The wild-card is young shortstop Jordy Mercier, who has replaced the offensively inept Jordy Mercier Clint Barmes. With a stat line of .326 on-base percentage/.451 slugging percentage, Mercier has made an instant impact on the lineup.
Oh, and McCutchen? He might not be putting up MVP numbers like this time last year, but at .358/.465 he’s enjoying another solid season and doing it a sustainable rate. Think of what might happen if he goes on a month-long offensive binge.
TOP-TO-BOTTOM PITCHING DOMINANCE
If I’d told you that when July began, the Pirates would have A.J. Burnett, Wandy Rodriguez and James McDonald all on the disabled list, you’d have thought it would be a good time for the city to turn the page and get ready for football season. Not only is not the case, but Pittsburgh’s pitching is the best in the National League.
It starts with the Double L combo of Locke and Liriano. Jeff Locke has been a revelation, with a 2.06 ERA in 16 starts. Francisco Liriano has had a comeback year, with a 2.23 ERA in 10 starts. The club called up highly touted Gerrit Cole, and with a 3.74 ERA in his four trips to the post, Cole looks ready to be an immediate contributor to the rotation and the potential for even more. Jeanmar Gomez has pitched effectively, as has Charlie Morton.
We should note that Morton is just back from the DL himself, and Gomez did a short stint. The Pirates’ rotation has not had it easy, but they keep getting the job done.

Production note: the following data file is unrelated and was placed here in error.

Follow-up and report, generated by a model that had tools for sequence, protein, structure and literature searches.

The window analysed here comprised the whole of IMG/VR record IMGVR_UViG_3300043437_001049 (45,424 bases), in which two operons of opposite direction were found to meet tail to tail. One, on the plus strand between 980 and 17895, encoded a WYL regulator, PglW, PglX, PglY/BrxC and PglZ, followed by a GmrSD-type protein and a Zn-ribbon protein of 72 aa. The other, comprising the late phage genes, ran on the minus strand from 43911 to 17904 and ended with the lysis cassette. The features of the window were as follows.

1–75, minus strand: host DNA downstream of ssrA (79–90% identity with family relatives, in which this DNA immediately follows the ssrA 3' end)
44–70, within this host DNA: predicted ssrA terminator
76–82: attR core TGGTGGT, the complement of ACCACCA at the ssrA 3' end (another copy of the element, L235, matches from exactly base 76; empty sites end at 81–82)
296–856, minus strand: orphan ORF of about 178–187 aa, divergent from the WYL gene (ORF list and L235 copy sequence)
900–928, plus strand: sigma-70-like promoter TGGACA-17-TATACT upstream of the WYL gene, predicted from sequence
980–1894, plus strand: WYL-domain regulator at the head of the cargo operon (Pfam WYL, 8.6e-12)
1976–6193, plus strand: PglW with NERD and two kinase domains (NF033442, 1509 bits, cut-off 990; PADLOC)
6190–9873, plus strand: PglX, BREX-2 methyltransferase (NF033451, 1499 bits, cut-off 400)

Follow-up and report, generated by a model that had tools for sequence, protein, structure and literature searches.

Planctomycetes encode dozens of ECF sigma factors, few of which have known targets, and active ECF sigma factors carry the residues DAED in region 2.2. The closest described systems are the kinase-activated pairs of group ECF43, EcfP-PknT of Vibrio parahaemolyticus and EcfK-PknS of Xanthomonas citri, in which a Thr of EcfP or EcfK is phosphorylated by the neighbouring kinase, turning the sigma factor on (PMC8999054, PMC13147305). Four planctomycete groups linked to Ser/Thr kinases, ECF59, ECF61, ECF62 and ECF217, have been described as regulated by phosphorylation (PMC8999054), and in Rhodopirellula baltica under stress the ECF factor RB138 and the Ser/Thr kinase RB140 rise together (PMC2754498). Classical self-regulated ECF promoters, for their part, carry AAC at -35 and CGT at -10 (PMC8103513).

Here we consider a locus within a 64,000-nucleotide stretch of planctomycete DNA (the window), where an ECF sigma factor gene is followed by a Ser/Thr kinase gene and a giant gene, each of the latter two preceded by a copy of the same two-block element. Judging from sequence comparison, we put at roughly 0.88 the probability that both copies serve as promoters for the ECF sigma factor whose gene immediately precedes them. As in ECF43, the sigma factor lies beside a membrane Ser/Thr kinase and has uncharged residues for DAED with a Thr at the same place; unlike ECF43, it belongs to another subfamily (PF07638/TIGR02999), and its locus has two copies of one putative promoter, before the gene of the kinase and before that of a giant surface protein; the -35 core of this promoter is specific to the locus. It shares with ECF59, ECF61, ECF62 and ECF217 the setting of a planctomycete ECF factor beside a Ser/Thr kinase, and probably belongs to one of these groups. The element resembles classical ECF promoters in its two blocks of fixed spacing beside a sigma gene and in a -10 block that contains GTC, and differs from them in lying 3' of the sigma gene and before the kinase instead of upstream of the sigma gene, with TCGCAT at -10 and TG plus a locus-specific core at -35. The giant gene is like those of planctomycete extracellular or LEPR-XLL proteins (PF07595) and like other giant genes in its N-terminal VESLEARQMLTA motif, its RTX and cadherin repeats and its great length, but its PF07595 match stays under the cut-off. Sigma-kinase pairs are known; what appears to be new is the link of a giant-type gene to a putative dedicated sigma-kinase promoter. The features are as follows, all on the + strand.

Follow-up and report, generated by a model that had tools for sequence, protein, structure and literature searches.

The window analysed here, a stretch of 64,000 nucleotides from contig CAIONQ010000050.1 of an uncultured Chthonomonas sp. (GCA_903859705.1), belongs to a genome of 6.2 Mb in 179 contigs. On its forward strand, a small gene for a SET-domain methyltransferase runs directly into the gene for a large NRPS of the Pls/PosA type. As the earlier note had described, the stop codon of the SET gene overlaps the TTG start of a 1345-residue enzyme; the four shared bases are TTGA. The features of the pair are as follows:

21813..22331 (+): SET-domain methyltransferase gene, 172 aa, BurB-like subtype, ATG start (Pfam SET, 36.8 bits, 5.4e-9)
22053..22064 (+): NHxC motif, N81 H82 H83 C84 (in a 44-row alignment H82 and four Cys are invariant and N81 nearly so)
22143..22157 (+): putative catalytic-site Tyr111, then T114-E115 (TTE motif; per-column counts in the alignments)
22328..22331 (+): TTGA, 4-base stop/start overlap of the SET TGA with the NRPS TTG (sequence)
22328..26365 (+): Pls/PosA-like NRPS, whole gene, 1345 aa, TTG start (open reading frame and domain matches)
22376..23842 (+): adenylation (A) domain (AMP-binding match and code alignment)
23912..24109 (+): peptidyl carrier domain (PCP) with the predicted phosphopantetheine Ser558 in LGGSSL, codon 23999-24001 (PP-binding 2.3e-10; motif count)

And if you’re trailing the Pirates after five or six innings, you might as well shut it down. The bullpen is deep, with a balance of consistent pitchers and those who’ve been nothing less than outstanding. Bryan Morris, Vin Mazzaro, Justin Wilson and Tony Watson are all having good years. Mark Melancon, with an 0.92 ERA has been the best setup man in the league. And Jason Grilli, closing 27 of 28 save chances with a 1.77 ERA, needs to be in the MVP discussion.
The concerns would be this—Wilson, after a blazing start, has a 4.38 ERA in the last month and needs to settle back down. And then there are the injured arms. McDonald is going for a second opinion on his shoulder this week. We don’t know what the first opinion was, but if the pitcher is looking for another one, is it unreasonable to think he got some bad news? At this point, I don’t know if I count on having an effective McDonald back this year.